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General Art Amnesia (A Ganondork Original Story)


Jul 28, 2010
Among the stars
Nice writing. I loved how you had the final line of the first part, then the title. It reminds me of when something awesome or mysterious happens in a video game or movie then they put the title. Your writing style is unmistakeable (as If I didn't know who wrote this, I would guess it was you.) Overall, great work


Nov 12, 2010
Well, I've definitely lost popularity as a writer, what a shame. I'll continue writing this, but I'll begin writing another story as well very soon.


I felt a twinge of sympathy for her. “Why did they disappear?” I asked.

“Genocide,” she replied bitterly.

All I could squeak out was a quiet, “oh.”

“Well, well. Our little winged friend has come out of hiding,” a voice behind me said. “I knew you would return one of these days.”

Tekara and I whipped around. Three men stood with confidence in front of us. Two – who were noticeably taller – wore bullet-proof vests and had their arms crossed. Sunglasses hid their eyes and they looked down at the other man in between them. Although shorter than the other two, he was still quite tall. He wore a suit and had a gun pointed at Tekara.

“Clark,” she muttered.

“President Clark,” he corrected. “Now, let us cut the idle chit-chat. I am in no mood for such nonsense. Look here boy, hand over the girl and we might just let you go. Sounds like a fair trade, yes? You just met the twerp,
It won’t hurt you.”

I stared at Clark, my hands balled up into fists. “I would rather die than hand over Tekara,” I growled.

“So be it. You have lost quite an opportunity, boy. I know there is no swaying you, so I will just kill you quick,” he motioned to the two men and they drew out their guns. Tekara elbowed my arm, making me look. She handed me a pistol. I took it with a quick swipe and pointed it at the two men. They hardly seemed deterred; their bullet-proof vests protected their bodies.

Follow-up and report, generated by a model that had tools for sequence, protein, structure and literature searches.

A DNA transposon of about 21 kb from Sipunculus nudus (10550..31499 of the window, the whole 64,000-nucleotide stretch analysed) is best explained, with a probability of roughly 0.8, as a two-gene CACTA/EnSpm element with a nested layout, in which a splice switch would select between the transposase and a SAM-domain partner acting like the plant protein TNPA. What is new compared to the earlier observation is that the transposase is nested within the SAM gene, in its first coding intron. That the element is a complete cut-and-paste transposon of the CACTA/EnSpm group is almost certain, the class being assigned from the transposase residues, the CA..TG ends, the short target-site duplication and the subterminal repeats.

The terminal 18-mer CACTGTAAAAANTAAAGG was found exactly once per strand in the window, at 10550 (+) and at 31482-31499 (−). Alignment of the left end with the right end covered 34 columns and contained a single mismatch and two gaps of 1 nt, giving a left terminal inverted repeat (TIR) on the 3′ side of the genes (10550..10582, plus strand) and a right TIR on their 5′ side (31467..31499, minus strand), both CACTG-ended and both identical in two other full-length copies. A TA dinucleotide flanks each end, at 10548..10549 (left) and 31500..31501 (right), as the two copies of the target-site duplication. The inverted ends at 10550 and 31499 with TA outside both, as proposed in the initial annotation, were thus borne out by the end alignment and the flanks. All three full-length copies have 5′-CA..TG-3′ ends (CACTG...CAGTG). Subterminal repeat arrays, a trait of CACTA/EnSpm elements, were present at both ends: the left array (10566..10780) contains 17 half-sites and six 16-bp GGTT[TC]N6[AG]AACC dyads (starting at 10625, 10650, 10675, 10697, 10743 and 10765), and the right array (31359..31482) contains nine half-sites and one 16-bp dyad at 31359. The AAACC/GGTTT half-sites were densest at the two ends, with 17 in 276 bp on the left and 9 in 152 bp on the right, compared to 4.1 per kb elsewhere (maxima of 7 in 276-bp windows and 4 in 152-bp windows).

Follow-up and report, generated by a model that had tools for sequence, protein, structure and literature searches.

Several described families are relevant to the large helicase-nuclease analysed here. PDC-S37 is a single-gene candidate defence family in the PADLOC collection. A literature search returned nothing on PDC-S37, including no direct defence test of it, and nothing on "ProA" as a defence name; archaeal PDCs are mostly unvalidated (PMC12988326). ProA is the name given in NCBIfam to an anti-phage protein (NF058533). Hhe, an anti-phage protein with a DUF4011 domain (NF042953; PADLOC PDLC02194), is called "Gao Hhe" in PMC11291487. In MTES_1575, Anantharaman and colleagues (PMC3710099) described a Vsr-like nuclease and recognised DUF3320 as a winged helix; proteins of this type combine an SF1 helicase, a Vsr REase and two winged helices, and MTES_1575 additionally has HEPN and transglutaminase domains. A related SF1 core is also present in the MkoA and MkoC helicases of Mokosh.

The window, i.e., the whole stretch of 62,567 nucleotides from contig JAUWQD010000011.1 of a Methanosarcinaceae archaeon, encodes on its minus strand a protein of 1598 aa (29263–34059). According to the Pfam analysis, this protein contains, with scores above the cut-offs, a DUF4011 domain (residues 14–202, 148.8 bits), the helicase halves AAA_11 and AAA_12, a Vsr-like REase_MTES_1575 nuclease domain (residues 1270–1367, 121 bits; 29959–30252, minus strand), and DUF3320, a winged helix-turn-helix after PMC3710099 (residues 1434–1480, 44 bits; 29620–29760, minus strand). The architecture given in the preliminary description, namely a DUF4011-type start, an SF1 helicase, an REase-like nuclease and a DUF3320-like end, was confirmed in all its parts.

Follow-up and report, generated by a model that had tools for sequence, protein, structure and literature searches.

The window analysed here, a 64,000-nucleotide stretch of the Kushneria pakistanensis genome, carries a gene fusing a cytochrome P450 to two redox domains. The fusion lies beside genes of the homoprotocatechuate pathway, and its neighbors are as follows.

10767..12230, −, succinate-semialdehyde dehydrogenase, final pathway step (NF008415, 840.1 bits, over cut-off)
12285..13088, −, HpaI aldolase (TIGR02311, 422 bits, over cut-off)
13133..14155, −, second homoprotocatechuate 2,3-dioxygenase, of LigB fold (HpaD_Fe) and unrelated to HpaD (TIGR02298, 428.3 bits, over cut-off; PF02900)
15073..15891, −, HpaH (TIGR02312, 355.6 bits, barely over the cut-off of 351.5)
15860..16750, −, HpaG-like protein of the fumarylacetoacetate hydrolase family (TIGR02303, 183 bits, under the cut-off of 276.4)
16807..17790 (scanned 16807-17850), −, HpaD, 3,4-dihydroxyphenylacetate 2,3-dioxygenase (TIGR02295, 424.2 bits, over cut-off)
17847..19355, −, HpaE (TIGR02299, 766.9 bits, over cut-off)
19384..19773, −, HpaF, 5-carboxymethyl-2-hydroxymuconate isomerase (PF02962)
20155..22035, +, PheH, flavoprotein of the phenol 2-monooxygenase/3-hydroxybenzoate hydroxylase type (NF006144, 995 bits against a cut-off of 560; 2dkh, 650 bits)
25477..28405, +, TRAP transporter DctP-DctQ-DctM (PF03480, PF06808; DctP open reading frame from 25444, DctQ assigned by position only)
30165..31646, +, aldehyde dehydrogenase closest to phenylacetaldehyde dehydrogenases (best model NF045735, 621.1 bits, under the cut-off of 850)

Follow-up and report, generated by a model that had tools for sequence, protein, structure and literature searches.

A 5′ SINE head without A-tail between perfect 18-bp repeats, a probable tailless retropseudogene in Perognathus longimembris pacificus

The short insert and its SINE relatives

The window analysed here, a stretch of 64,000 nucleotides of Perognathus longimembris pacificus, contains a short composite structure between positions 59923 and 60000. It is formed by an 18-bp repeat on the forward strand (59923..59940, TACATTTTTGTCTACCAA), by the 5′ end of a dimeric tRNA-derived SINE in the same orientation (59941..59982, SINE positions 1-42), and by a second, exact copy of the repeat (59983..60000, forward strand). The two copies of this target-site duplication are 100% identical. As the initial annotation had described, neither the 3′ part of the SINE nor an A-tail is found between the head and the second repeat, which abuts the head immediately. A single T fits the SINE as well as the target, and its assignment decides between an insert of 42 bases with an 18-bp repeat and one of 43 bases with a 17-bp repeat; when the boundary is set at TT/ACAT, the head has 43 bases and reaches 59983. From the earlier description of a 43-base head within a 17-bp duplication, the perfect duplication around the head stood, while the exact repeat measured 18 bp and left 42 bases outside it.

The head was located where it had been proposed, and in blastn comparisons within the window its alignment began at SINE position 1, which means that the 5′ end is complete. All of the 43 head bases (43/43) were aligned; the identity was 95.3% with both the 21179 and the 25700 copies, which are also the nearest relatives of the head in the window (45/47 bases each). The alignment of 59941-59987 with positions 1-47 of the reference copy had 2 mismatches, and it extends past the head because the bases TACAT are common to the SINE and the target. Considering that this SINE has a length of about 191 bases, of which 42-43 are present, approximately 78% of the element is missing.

I aimed with great speed and pulled the trigger. The bullet exploded out of the barrel with a powerful bang. The man moved his head to the right, leaving the bullet whizzing away. I muttered a curse under my breath and pointed it at the man again. With each bullet I fired, each missed. I stared at down at my shaking hands as the two men advanced. Dark thoughts crossed my mind as I considered the possibility of this being the end. I had lived a life before, but I couldn’t remember anything. How was that a way to live? My life was meaningless. Perhaps death was the only salvation from the curse of ignorance.

A whistle pierced the tense air and Clark pushed his way through the two men. “Enough! We are not cavemen; we do not pick on the weak! We only kill when they are armed. Consider your inefficiencies a blessing, young man,” Clark scoffed, “For they just saved your life. But do not expect me to never return. I am a man of my word, and I swear by the will of God that I will take you down. Goodbye young man,” his sympathetic voice turned venomous, “Tekara.” And then he was gone.

“What was that about?” I asked Tekara.

“That’s President Clark,” Tekara growled. “Except he’s no real president, he’s more like a dictator. He killed my ancestors and many other innocent people. I’m beginning to believe that he was also responsible for the loss of your memory.”

“What would he have to gain from that?” I asked her, anger welling up inside of me. From my innards, a flame was lit that gave me the will – and power – to take this man down. He was not just an enemy of Tekara’s; he was an enemy of mine as well.

“I’m not sure,” she confessed. “You may be something important to him though. Perhaps you were a political man that threatened his power,” she said thoughtfully.

“I don’t think that’s it,” I said. “Whatever, we’ll find out eventually.”

She nodded. “Look, it’s getting dark; I think we should call it a day.” I looked up at the sun which was beginning to dip below the horizon. The temperature seemed to drop even lower, and I felt myself shiver.

“Yeah, I suppose we should.”


It was not long before we had gathered enough wood to start a small fire. With the fire crackling we were able to keep warm, although it did not prevent our stomachs from growling like wild animals. She reassured me by saying we’d find food in the morning. With that problem solved, all that there was left to do was go to sleep. I lay on my back and stared up at the stars. They glittered like jewels and I could not help but admire them. A head poked into my line of vision, blocking my view. It was Tekara. I stared into her eyes for a moment and I couldn’t help but notice that even the stars didn’t shine quite like her eyes.

“I’m cold, can I sleep near you?” She asked innocently. I nodded without hesitation and she lay down. She put her head on my chest and drifted into a light sleep. For once in a very long time, I didn't feel alone.

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